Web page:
Amanda’s interests include forest landscape restoration, integrated landscape management, plant-animal interactions (especially mammals and seed dispersal), patterns of seedling regeneration, forest disturbance, resilience, and how ecosystem health affects human well-being. She volunteers in Costa Rica with the Biodiversity Partnership Mesoamerica, San Juan-La SElva Biological Corridor, and Sarapiquí Conservation Learning Center.

Housing & Meals

The OTS program differs socially and culturally from your typical on-campus life in several interesting and important ways. First and foremost, of course, you will be living in a small Latin American country. In general, Costa Ricans (“Ticos” and “Ticas”) are warm, friendly, and welcoming. You can expect to develop good friendships and not only learn about Costa Ricans but also reflect more on your own culture by comparison. Since you are a guest in Costa Rica, you need to be sensitive to and respectful of Costa Rican customs, but learning how those customs differ from your own is an exciting part of the study abroad experience.

Although you may have one or two roommates at your home campus, in Costa Rica you will be living closely with 12-25 other students and two to five professors or field assistants. This means communication and respect will be crucial. Everyone needs to be as open, honest, and cooperative as possible. There also needs to be sincere respect for one another, regardless of different opinions and lifestyles. This includes respect for privacy, respect for rules and regulations, and even respect for the fact that unpredictability is an inherent feature of field-based programs such as this one. Indeed, next to communication and cooperation, flexibility and a good sense of humor are the most important characteristics of a successful student in the program. By living and working with the same people for 15 weeks, you will undoubtedly develop a number of very close friendships. The combination of uncomfortable (being wet, muddy, and tired) and wonderful (watching iguanas sunning on the bridge at La Selva) situations creates great images and memories.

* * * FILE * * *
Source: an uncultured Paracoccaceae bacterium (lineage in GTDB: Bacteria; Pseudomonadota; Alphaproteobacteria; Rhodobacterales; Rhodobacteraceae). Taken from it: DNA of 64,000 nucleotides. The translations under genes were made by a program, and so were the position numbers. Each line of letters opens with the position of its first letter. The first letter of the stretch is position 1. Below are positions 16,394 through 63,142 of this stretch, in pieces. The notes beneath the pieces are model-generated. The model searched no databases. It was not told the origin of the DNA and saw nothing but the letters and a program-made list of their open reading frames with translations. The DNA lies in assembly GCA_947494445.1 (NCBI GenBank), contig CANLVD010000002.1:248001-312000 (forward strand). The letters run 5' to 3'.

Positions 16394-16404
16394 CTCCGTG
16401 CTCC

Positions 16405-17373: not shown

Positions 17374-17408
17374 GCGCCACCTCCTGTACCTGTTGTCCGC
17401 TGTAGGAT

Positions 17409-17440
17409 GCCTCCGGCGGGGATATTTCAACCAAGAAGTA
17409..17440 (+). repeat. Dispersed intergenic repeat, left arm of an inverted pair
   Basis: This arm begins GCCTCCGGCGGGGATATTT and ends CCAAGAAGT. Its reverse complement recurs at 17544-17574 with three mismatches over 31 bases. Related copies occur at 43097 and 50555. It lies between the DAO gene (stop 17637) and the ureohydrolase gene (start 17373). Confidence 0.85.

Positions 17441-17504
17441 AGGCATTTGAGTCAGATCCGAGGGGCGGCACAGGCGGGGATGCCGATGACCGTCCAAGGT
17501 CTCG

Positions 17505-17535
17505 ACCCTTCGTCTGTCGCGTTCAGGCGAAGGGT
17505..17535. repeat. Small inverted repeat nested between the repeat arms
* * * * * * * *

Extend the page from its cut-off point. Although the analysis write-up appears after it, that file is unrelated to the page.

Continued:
Passport & Visa Information

You must have a valid Passport to travel to Costa Rica. It is important that the passport does not expire within 6 months of your last day in Costa Rica. If you are NOT a citizen of a North American or European country, you will probably need a special visa to get into Costa Rica. We recommend that you contact your respective consulate or embassy services to determine if you need a visa to travel to Costa Rica. It is important to take into account the requirements to get a visa approved before you apply for one of our courses. If you are accepted into one of our programs we will provide any information necessary (within reason) to help with the visa application.

Please keep in mind that visa application processes can take several months depending on the country of issue. For more information on this topic please visit http://www.migracion.go.cr/extranjeros/visas.html. U.S. citizens entering Costa Rica are automatically granted a 90-day tourist Visa. Students will receive a second 90-day tourist visa when the course enters Costa Rica again following a visit to Panama, and that second visa will last until the end of the program. Remember that according to current immigration laws in Costa Rica, you MUST leave the country for at least 72 hours when your visa expires. Students planning to stay in Costa Rica after the program end date need to take this into account.

Please contact the Enrollment Management team at undergraduate@tropicalstudies.org if you have any questions about this.

Health & Safety

OTS is deeply committed to student safety and well-being, we do not expose students to unnecessary danger or risk. We monitor national and international events that might affect our students. Five decades of risk assessment, emergency response, and crisis resolution have enabled OTS to maximize student safety and security. All students participate in an on-site orientation program upon arrival. For our most current safety information, contact the OTS Enrollment Management staff at